Mr. Robot eps3.1undo.gz – the security review

Welcome back to the Naked Security roundup of this week’s episode of Mr. Robot. Here’s last week’s episode recap if you missed it.

The vast majority of this week’s episode focused on psychological drama, but the major events of the episode were bookended by a bit of Elliot’s (or is it Mr. Robot?) hacking ingenuity. Let’s take a peek.


Elliot takes down the chain of command

As Elliot attempts to repair ECorp from the inside, we see him playing a part that’s familiar to many — the dreaded presentation to uninterested middle managers – while also going after managers that are in his way. All he needed was to get enough information about them to make a reasonable guess at their email passwords (given he works with them, their usernames are easily known), and he finds a treasure trove of blackmail-worthy information.

The first boss he sets the FBI on innocuously mentions his love of the band the Goo Goo Dolls, and Elliot correctly guesses that this boss used a slightly modified version of a Goo Goo Dolls album name (“aboynamedg00”) as a password. Easy enough. The next target in the food chain was even simpler, the personal hint about his favorite hobby wasn’t even needed, Elliot was able to see this manager typing in his spin cycling-related password (“tapitback”) with a simple ‘shoulder surf’ — hacker vernacular for peeking over somebody’s shoulder as they type a password.

This sequence was a nice reminder of two key points:

  1. “Hacking,” whether it is a technical or social hack, doesn’t always have to be complex, in fact often enough the simplest methods are quite effective. In Elliot’s case, all he had to do was pay attention and listen, or peek over someone’s shoulder, and he got enough information to infiltrate his managers’ email accounts. No fancy tools needed, just his eyes and ears.
  2. Both managers’ passwords are shamefully simple. Nobody likes typing complex passwords, but dictionary words? Personally identifiable information? Changing l3tters for numbers? Come on. They’re not even trying.

I’d like to summon the Game of Thrones “Shame” meme here, but it might be dangerous to cross the streams.

Elliot trusts his instincts

The event on the tail end of the episode shows Elliot realizing what Mr. Robot meant by “we’ve been compromised” in regards to Darlene. Elliot suspects that his sister may be acting against him somehow, but we (the viewer) aren’t sure what exactly he knows, or if he realizes the extent to which Darlene is informing on him to the FBI.

In a moment of clarity, Elliot reboots his machine, plugs in a USB drive with a fresh image of Kali Linux on it, and boots up a clean instance of the hacker-friendly operating system. He runs rkhunter, which is the tool Rootkit Hunter, an anti-rootkit scanner. This is our clue that Elliot is looking for something Darlene may have planted on his machine. RKHunter, however, shows that his machine is clean of any software-based backdoors or rootkits, and this is our first hint at what Darlene did.

The show switches a few times to the FBI’s view of what’s going on. There’s a Python script running that’s spitting out PNG screenshots of Elliot’s computer at frequent intervals, and they can see he’s running Kali and RKHunter. So this is our second hint — given he had just rebooted his machine, booted into an entirely different operating system and RKHunter showed the system as clear of any software that could be spying on him; however, the FBI still has a view into what he’s up to, so there has to be something hardware-based working against him.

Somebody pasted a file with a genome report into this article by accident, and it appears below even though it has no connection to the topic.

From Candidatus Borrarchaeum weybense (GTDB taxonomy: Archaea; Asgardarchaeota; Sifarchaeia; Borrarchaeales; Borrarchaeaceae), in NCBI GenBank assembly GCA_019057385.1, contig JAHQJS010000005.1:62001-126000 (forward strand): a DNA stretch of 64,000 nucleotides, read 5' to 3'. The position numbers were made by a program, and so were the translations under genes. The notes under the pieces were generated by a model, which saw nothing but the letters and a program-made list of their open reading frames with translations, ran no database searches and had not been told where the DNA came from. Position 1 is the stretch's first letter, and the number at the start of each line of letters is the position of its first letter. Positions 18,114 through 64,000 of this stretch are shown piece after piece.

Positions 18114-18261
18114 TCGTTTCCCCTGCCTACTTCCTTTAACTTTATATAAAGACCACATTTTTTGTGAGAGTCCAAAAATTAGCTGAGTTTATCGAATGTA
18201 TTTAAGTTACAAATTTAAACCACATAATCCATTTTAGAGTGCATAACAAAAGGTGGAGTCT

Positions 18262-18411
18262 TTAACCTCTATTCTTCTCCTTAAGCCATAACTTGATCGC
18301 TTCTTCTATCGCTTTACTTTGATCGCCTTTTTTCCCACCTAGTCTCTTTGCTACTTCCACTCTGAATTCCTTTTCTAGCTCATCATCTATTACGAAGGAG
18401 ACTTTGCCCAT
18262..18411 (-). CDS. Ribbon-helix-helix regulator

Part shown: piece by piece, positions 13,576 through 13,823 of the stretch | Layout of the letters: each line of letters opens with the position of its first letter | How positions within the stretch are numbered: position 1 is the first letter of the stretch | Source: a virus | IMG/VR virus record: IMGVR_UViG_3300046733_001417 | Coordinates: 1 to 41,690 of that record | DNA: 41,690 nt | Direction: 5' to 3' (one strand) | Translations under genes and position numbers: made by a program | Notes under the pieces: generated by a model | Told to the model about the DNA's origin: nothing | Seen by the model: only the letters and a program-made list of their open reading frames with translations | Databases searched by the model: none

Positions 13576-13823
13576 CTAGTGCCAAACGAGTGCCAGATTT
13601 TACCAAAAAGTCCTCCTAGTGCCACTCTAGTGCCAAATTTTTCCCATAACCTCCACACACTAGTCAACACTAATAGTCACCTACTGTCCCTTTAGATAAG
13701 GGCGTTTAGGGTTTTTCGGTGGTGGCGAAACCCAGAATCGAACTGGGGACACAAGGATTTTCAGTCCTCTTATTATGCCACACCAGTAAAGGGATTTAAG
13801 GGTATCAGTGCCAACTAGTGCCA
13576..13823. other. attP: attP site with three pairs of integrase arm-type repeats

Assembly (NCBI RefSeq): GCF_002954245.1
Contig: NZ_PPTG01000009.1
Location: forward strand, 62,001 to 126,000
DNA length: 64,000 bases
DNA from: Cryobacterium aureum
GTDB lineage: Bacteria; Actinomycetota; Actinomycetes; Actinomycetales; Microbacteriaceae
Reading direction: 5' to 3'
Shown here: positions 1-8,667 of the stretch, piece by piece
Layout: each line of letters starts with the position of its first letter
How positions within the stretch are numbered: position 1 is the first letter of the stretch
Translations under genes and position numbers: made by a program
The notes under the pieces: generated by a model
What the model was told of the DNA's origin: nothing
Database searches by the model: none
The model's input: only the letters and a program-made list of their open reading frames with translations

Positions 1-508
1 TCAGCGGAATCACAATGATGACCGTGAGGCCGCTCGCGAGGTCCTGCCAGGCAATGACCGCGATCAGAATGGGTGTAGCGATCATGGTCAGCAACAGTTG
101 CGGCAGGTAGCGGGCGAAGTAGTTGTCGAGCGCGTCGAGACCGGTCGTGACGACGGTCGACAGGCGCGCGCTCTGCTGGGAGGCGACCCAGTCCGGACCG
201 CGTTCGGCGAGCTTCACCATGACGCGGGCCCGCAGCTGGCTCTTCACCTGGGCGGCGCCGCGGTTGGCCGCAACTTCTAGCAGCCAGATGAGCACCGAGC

The screenshots seem quite high-resolution and don’t look like they’re being generated via a camera pointed at his monitor, so we can surmise that something is pulling the images from his monitor directly. Indeed, if we think back to a bit earlier in the episode, when Darlene was staying over at Elliot’s place, we did see her fiddling with something (or perhaps installing) in the back of Elliot’s monitor while he was asleep.

The third hint follows immediately after RKHunter comes back clear. The FBI agent observing Elliot’s monitor says he pulls the URL from the email Elliot was sending to Tyrell, checked it and found that it didn’t contain anything interesting. Dom then makes her realization: “This email isn’t for Tyrell, it’s for us.” Indeed, it’s for the FBI and for us, the viewers. The URL Elliot sent was an obfuscated link to a repository on GitHub for a Dell monitor exploit proof-of-concept (PoC) that was presented at Defcon 24, called “A Monitor Darkly.

It’s Elliot’s own way of saying to the FBI: “I’m way ahead of you.”

The actual monitor exploit says it can allow an attacker to read pixels on the monitor, but the proof of concept for this exploit is for actually displaying images on the target monitor. The researchers who worked on this exploit did acknowledge that there’s potential for this kind of attack to be made more effective with additional hardware like a Funtenna (basically a hacked antenna being used for attack purposes).

What the show portrays certainly seems in the realm of possibility, if you take this PoC to a logical extreme, especially if you were to put the brainpower of covert agencies behind furthering development. We’ve seen Mr. Robot stretch concepts like this before for the sake of good television — remember the Pringles cantenna? — and arguably that’s what happened here as well.

…Or, perhaps the link is purposely close-but-not-correct to throw all of us off Elliot/Mr. Robot’s trail, as perhaps there was malicious code in the linked file and Elliot actually managed to successfully phish the FBI? I’d just as well believe this as a hardware hack.

What did you think of this week’s episode? Was Elliot’s link to the monitor hardware hack PoC an affirmation of the FBI’s tactic, or is this meant to throw us, the viewers, off?